Grading Other Series
In this chapter, you will learn how to apply the grading techniques for Morgan silver dollars, to other series of coins. For each major United States type, including commemoratives, this chapter includes a pair of photographs, one of an obverse and one of a reverse, both as well struck as possible. You should consider any coin you encounter that is as well struck as the illustrated example to rate a 5 on the strike scale. For now, you will have to use your best judgment to grade the strike of less well struck examples.
If the type is commonly available as a proof, I have also included photographs of proof obverse and reverse, again as well struck as possible. If you have any doubt as to whether a coin is a business strike or a proof, compare it to the photographs. In most cases, the differences should be clear.
Then you will find another set of obverse and reverse photographs, this time with the high points of the design accented in red. This will help you determine whether the coin is fully mint state or not. Simply reread the chapter entitled "The Grading Process: Mint State or Almost Uncirculated?" if you are still unsure.
There is a final set of obverse and reverse photographs which illustrate the places on the coin where bagmarks, hairlines and other surface impairments are considered most and least detracting. To refresh your memory, you may wish to reread the chapter entitled "Surface Preservation." The color code is as follows:
RED = Worst (Average x 4)
ORANGE = Bad (Average x 2)
YELLOW = Average
GREEN = Better (Average x 1/2)
BLUE = Best (Average x 1/4)
NOTE: These quantifications are approximate.
Keep in mind that an important factor to weigh is how well hidden (or obvious) the surface impairment is.
Lustre and eye-appeal are graded the same way for most series as they are for Morgan dollars. Most exceptions apply to all of the issues of each particular metal (copper, copper-nickel, nickel or gold), and will be noted.
The most important difference when grading copper coins is that spotting is taken into account as part of the "surface preservation" grade as well as the "eye-appeal" grade. When nickel, silver and gold coins acquire toning (and even spotting in some cases), that toning can often be removed with no ill effects. This is rarely the case with copper coins. Hence, most collectors will highly value a copper coin that has its full original red copper color.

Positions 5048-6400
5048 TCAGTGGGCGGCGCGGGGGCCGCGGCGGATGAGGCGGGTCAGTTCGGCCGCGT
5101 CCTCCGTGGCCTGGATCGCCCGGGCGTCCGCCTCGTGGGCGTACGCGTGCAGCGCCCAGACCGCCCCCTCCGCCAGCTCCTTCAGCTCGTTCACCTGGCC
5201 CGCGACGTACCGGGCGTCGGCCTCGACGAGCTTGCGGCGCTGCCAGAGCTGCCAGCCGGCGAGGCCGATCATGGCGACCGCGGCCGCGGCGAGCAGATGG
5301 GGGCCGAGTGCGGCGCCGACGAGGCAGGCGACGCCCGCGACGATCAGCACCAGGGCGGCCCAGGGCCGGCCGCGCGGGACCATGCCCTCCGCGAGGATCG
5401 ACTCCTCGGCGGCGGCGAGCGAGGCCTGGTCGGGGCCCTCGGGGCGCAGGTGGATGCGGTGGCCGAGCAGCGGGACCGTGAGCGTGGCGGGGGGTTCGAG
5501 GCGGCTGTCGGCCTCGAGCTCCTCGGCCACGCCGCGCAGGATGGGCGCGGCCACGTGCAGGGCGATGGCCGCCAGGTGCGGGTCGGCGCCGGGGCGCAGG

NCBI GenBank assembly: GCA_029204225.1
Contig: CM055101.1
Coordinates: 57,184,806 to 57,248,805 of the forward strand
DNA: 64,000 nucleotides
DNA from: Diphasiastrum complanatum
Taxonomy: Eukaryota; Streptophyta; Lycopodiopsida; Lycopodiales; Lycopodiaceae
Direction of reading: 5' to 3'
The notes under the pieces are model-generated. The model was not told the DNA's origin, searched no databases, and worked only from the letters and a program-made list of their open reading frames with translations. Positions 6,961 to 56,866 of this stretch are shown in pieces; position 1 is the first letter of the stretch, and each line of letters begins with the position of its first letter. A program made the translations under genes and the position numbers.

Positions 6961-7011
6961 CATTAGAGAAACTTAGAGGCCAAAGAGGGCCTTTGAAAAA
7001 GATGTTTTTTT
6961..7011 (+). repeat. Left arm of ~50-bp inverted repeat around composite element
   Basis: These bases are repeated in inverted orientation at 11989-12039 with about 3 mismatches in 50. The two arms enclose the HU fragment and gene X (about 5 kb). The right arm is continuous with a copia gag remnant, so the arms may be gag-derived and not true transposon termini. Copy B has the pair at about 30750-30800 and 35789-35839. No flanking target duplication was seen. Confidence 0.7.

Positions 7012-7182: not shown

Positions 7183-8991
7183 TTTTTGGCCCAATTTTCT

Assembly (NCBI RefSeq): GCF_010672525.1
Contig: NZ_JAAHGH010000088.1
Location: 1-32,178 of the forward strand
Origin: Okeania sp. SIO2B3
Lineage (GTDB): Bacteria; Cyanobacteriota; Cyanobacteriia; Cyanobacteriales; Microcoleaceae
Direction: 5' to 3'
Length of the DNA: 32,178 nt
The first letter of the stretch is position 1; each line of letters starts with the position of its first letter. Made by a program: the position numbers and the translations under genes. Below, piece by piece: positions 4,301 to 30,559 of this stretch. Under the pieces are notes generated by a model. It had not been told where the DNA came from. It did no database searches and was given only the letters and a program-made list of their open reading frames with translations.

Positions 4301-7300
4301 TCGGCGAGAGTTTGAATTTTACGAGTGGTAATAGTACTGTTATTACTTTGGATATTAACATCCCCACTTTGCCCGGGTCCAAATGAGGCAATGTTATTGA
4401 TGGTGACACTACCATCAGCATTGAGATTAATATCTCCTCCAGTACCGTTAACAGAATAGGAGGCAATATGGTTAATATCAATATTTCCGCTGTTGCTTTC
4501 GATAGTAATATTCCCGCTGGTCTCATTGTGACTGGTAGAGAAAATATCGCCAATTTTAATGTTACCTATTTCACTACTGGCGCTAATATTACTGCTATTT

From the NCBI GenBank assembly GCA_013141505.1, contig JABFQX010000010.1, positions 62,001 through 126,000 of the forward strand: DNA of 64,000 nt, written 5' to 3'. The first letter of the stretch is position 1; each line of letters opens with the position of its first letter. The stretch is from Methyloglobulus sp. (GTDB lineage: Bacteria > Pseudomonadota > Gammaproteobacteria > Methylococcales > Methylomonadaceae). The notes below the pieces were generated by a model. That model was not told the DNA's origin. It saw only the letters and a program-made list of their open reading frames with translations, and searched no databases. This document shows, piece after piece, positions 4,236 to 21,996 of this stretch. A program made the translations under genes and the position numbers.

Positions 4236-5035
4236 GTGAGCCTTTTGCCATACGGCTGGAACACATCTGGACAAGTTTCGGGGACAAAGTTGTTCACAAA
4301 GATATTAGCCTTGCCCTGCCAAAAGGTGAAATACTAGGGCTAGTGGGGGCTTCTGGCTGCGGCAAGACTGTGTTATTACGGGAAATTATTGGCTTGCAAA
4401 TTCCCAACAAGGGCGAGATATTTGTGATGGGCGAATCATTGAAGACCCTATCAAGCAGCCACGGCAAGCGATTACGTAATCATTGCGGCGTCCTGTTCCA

The only major difference between nickel coins and other coins is that spots are slightly more detracting on nickel than on silver or gold but less detracting than they are on copper coins. This is because spots on nickel are harder to remove than they are from silver or gold.
(NOTE: Copper-nickel coins such as Flying Eagle cents are graded approximately halfway in-between the way copper and nickel coins are each graded.)
For all practical purposes, you have already learned to grade silver coins. Apply what you have learned about grading Morgan silver dollars to the other silver types illustrated below. The market currently places great emphasis on certain striking characteristics of some series. For example, tremendous premiums are paid for Mercury Dimes with Full Bands and Standing Liberty Quarters with Full Head. I have included close-up photographs of normal strikes, full bands or full head of the minimum acceptable sharpness and 100% fully struck bands or full head.
Gold seldom holds a fingerprint. Spotting on gold coins is often removable and usually
detracts little from the grade even when it's not removable.
Sometimes gold coins acquire a beautiful orange-red hue. This coloring is considered
by most numismatists to be the most desirable type of toning on gold coins. Attractive,
well balanced orange-red toning on gold coins generally merits a 5 on the eye-appeal scale.
One Dollar Gold, Type One, Business Strike
One Dollar Gold, Type Two, Business Strike
One Dollar Gold, type Three, Business Strike
One Dollar Gold, type Three, Proof
Classic Quarter Eagle, Business Strike
Liberty Quarter Eagle, Business Strike
Liberty Quarter Eagle, Proof
Indian Quarter Eagle, Business Strike
Indian Quarter Eagle, Proof
Three Dollar Gold, Business Strike
Three Dollar Gold, Proof
Four Dollar Gold, Stella, Proof
Capped Bust Right, Half Eagle, Business Strike
Capped Draped Bust, Half Eagle, Business Strike
Capped Head Left, Half Eagle, Business Strike
Classic Half Eagle, Business Strike
Liberty Half Eagle, No Motto, Business Strike
Liberty Half Eagle, Motto, Business Strike
Liberty Half Eagle, Motto, Proof
Indian Half Eagle, Business Strike
Indian Half Eagle, Proof
Capped Bust Eagle, Business Strike
Liberty Eagle, Business Strike
Liberty Eagle, Proof
Indian Eagle, Wire Edge, Business Strike
Indian Eagle, No Motto, Business Strike
Indian Eagle, Motto, Business Strike
Indian Eagle, Motto, Proof
Liberty Double Eagle, No Motto, Business Strike
Liberty Double Eagle, Twenty D, Business Strike
Liberty Double Eagle, Business Strike
Liberty Double Eagle, Proof
St. Gaudens Double Eagle, High Relief, Business Strike
St. Gaudens Double Eagle, No Motto, Business Strike
St. Gaudens Double Eagle, With Motto, Business Strike
St. Gaudens Double Eagle, With Motto, Proof
|High points of Design - Gold
One Dollar Gold, Type One
One Dollar Gold, Type Two
One Dollar Gold, Type Three
Classic Head, Quarter Eagle
Liberty, Quarter Eagle
Indian Head, Quarter Eagle
Three Dollar Gold
Liberty Double Eagle
St. Gaudens Double Eagle, (High Relief)
|Visual Impairment Security Levels - Gold
One Dollar Gold, Type One
Indian Quarter, Eagle
Liberty Half, Eagle
Indian Half, Eagle
Liberty, Double Eagle
Saint Gaudens, Double Eagle
|High points of Design - Gold Commemoratives
Lewis and Clark
Louisiana Purchase Jefferson
Louisiana Purchase Mckinley
Panama - Pacific Exposition
Panama - Pacific Quarter Eagle
Sesquicentennial Quarter Eagle
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